In § 156.1220(b)(3)(i), we propose that the issuer receive a written notice of the time and place of the informal hearing at least 15 calendar days before the scheduled date. In § 156.1220(b)(3)(ii), we propose that the CMS hearing officer would neither receive testimony nor accept any new evidence that was not presented with the reconsideration request or in any statement provided by HHS. We propose that the scope of the CMS hearing officer's review would be limited to the statements provided by the issuer and HHS and the record that was before HHS in making the reconsideration determination. We would require that the issuer prove its case by clear and convincing evidence with respect to issues of fact and would permit the issuer to be represented by counsel in the informal hearing.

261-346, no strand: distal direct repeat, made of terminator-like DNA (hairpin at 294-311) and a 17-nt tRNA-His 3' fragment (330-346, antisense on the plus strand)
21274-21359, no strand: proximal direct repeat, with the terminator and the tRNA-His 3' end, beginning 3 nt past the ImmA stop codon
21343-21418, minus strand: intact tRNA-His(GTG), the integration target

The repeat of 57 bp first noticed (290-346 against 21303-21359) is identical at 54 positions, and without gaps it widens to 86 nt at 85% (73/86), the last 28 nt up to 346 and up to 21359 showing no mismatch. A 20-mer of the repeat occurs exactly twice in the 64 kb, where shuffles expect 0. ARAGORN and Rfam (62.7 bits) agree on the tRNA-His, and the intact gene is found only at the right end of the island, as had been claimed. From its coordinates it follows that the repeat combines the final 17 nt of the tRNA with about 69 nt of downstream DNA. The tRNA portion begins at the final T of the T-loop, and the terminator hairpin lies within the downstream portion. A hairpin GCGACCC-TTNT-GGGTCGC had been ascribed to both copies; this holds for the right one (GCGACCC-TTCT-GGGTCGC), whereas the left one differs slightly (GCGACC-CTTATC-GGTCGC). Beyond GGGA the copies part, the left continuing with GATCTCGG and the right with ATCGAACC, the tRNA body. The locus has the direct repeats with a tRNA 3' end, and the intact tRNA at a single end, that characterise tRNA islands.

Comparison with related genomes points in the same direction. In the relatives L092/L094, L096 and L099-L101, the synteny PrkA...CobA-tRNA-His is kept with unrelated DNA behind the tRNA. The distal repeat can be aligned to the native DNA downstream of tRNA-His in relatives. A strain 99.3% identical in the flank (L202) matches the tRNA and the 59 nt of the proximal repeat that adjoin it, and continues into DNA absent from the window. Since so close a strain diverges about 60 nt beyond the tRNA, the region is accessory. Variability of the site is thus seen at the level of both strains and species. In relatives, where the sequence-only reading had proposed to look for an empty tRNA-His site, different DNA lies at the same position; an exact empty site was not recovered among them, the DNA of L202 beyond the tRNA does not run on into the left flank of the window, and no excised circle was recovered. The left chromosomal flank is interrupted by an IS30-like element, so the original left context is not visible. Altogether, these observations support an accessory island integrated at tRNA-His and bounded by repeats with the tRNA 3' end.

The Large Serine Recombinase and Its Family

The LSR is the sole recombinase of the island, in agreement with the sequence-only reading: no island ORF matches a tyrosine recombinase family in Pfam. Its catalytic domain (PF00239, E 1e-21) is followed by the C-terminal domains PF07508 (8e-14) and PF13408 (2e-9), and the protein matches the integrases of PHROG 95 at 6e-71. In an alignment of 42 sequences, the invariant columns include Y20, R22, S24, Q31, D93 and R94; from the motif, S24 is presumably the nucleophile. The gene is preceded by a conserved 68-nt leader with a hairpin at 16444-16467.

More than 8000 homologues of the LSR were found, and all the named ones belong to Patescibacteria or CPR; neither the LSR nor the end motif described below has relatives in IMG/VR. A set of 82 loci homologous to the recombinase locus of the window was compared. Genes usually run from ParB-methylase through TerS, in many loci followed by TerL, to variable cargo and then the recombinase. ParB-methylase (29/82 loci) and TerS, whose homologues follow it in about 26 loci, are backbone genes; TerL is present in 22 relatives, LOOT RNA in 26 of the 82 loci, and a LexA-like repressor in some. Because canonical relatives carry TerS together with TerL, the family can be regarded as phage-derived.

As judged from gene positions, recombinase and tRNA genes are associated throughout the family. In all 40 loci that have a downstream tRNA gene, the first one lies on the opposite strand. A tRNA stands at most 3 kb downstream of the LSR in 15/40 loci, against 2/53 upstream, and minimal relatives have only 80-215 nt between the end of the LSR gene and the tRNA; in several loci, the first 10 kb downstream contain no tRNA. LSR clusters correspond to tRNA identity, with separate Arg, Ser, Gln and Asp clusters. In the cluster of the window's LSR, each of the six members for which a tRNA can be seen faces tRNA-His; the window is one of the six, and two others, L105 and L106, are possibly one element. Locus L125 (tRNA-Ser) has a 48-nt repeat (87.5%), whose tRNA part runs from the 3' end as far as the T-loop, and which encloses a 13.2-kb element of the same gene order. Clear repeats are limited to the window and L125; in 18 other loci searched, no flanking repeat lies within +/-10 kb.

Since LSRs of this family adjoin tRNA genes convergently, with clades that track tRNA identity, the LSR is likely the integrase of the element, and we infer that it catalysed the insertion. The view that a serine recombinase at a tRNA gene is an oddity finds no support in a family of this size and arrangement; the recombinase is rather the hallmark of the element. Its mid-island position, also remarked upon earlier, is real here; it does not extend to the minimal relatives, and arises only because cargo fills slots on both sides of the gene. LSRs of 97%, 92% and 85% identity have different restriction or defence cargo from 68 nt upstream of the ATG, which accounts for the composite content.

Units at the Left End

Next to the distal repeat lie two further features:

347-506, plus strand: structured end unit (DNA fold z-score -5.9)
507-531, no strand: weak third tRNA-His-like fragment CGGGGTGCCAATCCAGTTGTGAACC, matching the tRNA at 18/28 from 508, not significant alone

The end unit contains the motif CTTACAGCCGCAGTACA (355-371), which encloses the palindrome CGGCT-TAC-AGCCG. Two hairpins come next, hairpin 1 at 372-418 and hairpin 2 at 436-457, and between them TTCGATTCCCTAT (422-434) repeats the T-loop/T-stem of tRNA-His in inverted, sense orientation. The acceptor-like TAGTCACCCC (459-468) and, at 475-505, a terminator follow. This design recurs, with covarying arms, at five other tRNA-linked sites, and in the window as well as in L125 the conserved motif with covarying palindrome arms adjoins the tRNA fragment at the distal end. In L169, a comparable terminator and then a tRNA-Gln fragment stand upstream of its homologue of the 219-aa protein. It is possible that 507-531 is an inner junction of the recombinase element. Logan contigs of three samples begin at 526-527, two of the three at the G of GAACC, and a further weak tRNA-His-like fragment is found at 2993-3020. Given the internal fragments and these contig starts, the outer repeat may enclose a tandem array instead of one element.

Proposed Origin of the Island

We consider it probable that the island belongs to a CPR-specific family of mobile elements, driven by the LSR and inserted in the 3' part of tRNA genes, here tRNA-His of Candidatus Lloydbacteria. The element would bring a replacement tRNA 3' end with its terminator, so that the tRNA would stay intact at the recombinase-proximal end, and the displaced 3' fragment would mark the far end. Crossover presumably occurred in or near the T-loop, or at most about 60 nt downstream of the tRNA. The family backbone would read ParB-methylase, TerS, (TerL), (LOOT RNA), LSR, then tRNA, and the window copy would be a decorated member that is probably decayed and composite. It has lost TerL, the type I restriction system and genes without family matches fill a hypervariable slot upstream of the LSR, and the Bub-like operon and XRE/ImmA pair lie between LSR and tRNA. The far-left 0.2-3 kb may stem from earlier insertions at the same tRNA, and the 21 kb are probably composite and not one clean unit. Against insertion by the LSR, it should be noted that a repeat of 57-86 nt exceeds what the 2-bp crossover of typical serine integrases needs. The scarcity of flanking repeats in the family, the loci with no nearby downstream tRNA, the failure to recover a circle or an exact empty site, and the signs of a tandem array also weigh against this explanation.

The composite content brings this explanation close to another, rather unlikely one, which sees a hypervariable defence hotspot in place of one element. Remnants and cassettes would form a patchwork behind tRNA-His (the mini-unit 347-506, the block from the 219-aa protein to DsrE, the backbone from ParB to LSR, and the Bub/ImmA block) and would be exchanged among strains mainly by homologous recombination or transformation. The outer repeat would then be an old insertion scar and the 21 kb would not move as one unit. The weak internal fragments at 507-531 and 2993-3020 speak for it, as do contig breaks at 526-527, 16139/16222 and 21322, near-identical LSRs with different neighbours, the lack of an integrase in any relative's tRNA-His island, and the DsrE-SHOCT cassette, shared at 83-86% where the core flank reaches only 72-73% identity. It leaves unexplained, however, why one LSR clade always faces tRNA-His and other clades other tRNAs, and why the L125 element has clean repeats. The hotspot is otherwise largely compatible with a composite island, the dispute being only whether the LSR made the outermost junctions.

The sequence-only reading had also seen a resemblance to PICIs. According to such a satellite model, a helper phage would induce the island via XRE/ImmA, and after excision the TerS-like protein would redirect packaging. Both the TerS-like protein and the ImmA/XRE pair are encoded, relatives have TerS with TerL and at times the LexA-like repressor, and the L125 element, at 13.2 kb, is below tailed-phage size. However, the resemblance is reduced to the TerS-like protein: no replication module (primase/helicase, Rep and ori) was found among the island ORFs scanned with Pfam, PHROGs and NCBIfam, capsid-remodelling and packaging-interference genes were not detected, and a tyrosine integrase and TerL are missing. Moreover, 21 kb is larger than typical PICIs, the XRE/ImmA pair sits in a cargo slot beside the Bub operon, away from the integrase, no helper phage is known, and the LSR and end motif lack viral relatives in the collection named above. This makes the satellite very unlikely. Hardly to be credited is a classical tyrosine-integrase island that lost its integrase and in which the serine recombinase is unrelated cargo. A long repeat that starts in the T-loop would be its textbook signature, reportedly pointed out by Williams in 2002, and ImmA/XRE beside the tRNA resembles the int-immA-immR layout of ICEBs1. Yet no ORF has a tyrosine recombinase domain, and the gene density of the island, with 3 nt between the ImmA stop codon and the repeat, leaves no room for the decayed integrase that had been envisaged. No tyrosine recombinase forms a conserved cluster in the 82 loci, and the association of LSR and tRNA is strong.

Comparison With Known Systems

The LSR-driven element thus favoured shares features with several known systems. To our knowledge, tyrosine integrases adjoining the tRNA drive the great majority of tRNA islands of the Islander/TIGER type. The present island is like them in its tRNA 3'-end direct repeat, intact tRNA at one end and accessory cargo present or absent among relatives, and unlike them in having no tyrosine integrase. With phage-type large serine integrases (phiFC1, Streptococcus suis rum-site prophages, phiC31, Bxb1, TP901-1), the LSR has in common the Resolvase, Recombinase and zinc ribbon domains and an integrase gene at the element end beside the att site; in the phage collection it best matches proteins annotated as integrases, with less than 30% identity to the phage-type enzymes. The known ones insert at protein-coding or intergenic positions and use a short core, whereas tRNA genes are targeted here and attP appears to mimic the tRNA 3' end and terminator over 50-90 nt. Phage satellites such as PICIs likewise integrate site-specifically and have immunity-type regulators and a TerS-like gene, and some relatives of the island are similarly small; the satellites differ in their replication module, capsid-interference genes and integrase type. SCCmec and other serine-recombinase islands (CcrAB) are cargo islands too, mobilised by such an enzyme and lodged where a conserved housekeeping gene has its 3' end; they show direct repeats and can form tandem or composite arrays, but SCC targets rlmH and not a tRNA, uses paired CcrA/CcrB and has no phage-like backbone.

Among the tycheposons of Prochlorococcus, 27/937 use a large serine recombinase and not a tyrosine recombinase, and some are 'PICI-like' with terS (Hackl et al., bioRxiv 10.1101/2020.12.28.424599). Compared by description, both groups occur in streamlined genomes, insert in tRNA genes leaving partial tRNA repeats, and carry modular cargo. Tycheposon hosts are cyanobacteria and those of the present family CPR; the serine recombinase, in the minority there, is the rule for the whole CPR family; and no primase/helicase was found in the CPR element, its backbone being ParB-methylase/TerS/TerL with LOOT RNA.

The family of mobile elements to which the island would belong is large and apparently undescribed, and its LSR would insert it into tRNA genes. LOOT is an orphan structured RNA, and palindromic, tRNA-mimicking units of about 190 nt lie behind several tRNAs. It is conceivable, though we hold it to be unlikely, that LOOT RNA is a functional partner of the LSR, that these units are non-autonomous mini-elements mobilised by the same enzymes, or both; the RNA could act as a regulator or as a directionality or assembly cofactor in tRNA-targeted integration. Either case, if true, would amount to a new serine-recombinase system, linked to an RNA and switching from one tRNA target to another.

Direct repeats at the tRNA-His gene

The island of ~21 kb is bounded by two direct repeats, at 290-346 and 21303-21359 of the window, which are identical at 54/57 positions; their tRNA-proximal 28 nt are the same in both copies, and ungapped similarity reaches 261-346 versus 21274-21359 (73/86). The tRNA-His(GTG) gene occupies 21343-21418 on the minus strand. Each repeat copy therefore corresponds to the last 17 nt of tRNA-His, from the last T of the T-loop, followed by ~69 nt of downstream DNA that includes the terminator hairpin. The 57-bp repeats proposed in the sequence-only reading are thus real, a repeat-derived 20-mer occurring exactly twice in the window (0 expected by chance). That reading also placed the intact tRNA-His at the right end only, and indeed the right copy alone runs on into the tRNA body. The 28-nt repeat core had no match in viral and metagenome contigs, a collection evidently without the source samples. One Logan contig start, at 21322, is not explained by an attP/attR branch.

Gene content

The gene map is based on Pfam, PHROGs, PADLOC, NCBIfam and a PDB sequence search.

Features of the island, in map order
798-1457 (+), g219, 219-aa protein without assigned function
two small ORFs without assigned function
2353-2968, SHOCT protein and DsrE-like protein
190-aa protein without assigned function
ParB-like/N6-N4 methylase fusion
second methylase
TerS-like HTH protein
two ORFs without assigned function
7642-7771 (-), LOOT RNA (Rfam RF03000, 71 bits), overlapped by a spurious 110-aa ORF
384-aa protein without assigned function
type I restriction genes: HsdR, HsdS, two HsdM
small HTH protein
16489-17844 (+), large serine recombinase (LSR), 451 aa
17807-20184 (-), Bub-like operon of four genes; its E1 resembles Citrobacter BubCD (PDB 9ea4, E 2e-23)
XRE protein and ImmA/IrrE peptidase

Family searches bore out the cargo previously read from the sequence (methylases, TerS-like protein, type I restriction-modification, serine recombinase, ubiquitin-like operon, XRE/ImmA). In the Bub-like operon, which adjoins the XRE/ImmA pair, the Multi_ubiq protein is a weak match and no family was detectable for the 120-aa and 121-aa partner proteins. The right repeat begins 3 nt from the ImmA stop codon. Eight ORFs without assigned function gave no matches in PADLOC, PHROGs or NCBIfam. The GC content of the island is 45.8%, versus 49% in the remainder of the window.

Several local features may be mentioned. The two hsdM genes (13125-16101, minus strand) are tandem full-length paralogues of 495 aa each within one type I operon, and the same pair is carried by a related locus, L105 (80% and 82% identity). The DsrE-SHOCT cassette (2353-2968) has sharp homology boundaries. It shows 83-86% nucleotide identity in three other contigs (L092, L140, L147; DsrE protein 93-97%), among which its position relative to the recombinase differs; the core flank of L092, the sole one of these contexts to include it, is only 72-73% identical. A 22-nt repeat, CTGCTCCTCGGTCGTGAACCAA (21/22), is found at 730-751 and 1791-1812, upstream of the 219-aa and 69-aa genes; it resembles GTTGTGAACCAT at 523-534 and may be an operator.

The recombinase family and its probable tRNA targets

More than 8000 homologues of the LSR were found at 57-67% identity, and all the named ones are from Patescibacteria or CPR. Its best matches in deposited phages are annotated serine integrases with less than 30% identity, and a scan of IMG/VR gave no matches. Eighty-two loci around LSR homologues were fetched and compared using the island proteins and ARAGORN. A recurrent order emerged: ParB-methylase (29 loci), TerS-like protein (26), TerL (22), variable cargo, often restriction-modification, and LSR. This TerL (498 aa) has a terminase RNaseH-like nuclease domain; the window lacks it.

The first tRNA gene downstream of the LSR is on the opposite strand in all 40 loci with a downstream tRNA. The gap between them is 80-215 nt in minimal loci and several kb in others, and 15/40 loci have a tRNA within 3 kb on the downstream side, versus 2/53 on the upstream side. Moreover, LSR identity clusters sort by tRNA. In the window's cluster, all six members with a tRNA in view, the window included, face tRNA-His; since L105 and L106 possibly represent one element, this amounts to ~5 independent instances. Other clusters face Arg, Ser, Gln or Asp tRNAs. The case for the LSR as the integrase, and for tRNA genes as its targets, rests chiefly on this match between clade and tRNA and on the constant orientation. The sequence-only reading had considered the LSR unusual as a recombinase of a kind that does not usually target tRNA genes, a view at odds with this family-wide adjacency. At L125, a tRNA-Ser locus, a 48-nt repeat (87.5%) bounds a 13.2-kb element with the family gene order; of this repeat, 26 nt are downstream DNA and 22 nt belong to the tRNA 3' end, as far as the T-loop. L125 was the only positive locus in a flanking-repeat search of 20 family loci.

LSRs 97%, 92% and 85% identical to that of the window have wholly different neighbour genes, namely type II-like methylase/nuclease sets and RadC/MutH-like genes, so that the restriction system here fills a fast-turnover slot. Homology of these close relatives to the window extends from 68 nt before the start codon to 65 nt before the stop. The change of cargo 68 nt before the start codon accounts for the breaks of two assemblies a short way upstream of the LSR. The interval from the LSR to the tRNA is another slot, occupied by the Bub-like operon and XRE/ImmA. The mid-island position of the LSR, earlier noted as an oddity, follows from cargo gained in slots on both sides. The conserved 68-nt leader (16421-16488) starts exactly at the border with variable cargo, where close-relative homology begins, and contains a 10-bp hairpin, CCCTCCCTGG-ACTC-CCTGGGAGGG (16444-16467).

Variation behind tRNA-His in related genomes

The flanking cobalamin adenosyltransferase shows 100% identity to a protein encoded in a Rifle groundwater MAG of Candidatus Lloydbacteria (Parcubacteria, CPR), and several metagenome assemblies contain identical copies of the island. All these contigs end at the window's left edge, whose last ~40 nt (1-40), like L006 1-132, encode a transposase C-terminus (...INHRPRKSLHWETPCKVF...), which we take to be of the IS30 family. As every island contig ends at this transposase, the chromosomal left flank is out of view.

In § 156.1220(b)(4), we propose that, following the informal hearing, the CMS hearing officer would send the decision and the reasons for the decision to the issuer. We propose that this decision would be final and binding, but subject to any Administrator's review initiated in accordance with proposed § 156.1220(c).

We propose in § 156.1220(c)(1) that if the CMS hearing officer upholds the reconsideration decision, the issuer may request a review by the Administrator of CMS within 15 calendar days of receipt of the CMS hearing officer's decision. The request for a review by the Administrator of CMS must specify the findings or issues in the decision that the issuer is challenging, and the reasons for the challenge. We propose that HHS may submit for review by the Administrator of CMS a statement supporting the decision of the CMS hearing officer.